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The Outcome of the September 2005 Elections (September 19, 2005)

The close outcome of the September 2005 Bundestag elections surprised pollsters, who had predicted a majority for a CDU/CSU and FDP coalition. Here, the director of Forsa, a major polling institute, analyzes the results. He focuses in particular on the loss of voter support for the two mainstream parties, the CDU/CSU and the SPD.

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Continued Decline in Significance for the Two Mainstream Parties; Forsa Institute Analysis of the Bundestag Election on Sunday

Manfred Güllner, head of the Forsa Institute in Berlin, has analyzed the results of Sunday’s Bundestag elections for the Associated Press. Here is his report:

“The results of the Bundestag elections on Sunday are yet another milestone marking the declining significance of the two mainstream parties, a trend that has been observable for years. Only 53 of every 100 eligible voters voted for either the SPD or the Union [CDU/CSU]. Almost as many (47 percent of eligible voters) either abstained from voting altogether or voted for one of the smaller parties. The two mainstream parties were shown less trust only in the first Bundestag elections in 1949, when the democratic party system in Germany still hadn’t been firmly established after the collapse of the Nazi regime.

As early as 1953, however, 62 of every 100 eligible voters were choosing either the Social Democrats or the Christian Democrats. In the Bundestag elections of the 1970s, this share rose to 82 percent of eligible voters. Since then, the percentage of eligible voters who voted for one of the two mainstream parties has been declining again. In 1987, only 68 of every 100 eligible voters chose either the Union or the SPD. Since the first all-German election in 1990, the share has hovered around the 60 percent mark, and in 2005 it fell to an all-time low.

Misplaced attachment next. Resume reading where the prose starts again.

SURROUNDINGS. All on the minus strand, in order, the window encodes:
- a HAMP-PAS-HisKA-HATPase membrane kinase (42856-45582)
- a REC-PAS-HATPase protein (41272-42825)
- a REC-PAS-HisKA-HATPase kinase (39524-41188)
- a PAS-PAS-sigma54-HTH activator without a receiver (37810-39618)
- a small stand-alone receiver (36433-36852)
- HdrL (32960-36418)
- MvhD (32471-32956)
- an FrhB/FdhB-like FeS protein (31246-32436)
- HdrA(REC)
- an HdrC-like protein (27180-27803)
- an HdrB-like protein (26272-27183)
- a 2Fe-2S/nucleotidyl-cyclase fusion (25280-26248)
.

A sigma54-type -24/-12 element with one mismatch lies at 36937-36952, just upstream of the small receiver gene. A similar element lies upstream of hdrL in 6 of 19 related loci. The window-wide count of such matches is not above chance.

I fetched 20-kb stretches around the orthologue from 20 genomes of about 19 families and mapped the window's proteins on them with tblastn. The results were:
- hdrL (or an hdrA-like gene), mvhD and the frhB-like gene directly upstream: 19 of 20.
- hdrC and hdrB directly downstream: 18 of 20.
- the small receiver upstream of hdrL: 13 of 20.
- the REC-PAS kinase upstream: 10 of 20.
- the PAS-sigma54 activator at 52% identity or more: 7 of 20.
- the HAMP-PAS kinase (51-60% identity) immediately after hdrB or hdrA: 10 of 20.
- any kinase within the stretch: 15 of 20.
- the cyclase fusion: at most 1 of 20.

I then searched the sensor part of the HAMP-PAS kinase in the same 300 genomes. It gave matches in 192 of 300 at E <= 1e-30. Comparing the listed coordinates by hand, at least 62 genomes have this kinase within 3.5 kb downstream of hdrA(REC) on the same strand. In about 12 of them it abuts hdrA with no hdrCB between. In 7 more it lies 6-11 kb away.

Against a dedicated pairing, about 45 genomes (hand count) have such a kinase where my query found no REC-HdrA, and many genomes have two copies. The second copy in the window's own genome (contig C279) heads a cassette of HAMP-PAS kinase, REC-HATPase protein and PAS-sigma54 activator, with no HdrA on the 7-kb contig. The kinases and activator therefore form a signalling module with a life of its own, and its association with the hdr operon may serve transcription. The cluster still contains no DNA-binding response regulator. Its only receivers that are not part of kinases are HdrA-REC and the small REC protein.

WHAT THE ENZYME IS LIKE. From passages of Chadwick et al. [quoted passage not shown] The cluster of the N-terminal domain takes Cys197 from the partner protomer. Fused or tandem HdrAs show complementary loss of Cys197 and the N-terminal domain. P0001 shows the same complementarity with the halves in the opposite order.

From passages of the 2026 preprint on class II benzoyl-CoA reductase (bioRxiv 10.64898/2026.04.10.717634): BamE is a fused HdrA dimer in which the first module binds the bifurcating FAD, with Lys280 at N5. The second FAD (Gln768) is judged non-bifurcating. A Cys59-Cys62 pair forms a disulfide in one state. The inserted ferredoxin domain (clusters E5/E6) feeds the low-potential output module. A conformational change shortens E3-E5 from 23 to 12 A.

The decline in confidence in the SPD (only 26 of every 100 eligible voters voted for the SPD on Sunday, confidence in the Social Democrats was lower only in the 1953 Bundestag elections and in the first all-German elections in 1990, when Oskar Lafontaine was the party’s candidate for chancellor) came as no surprise. Many former SPD voters were deeply disappointed by the fact that their party hadn’t given sufficient support to Chancellor Gerhard Schröder’s reform course and that this lack of support from his own party had forced Schröder to call for new elections.

In July, only around 12 million eligible voters were planning to vote for the SPD. With the aid of new, internet-based survey methods, Forsa polls were able to ascertain for N-TV and Die Welt am Sonntag that over the course of the election campaign the SPD managed to win back 3.9 million voters from 2002 who had previously been lingering in the undecided camp. But with 16.1 million votes, the SPD fell well short of its 2002 voter share, not to mention its 1998 share. Compared with the last Bundestag elections in 2002, the SPD lost more than 1 in 10 voters; and compared with the 1998 elections, it lost as many as 1 in 5.

Whereas the loss of confidence in the SPD had been expected, it came as a surprise in the case of the Union, especially since election research institutes hadn’t predicted this loss of confidence on the basis of polls conducted prior to the election. Only 27 of every 100 eligible voters chose the Union. This represents an eleven percent decline in voters in comparison with the last Bundestag elections in 2002, and a loss of almost six percent in comparison with the elections before that in 1998. This means that Angela Merkel garnered fewer votes for the Union than Helmut Kohl did in his last election as a candidate for chancellor. In comparison with the first Helmut Kohl election on March 6, 1983 (the first election after the change of government in 1982), when 43 of every 100 eligible voters chose the Union, the CDU/CSU’s voter base shrank by almost 38 percent.

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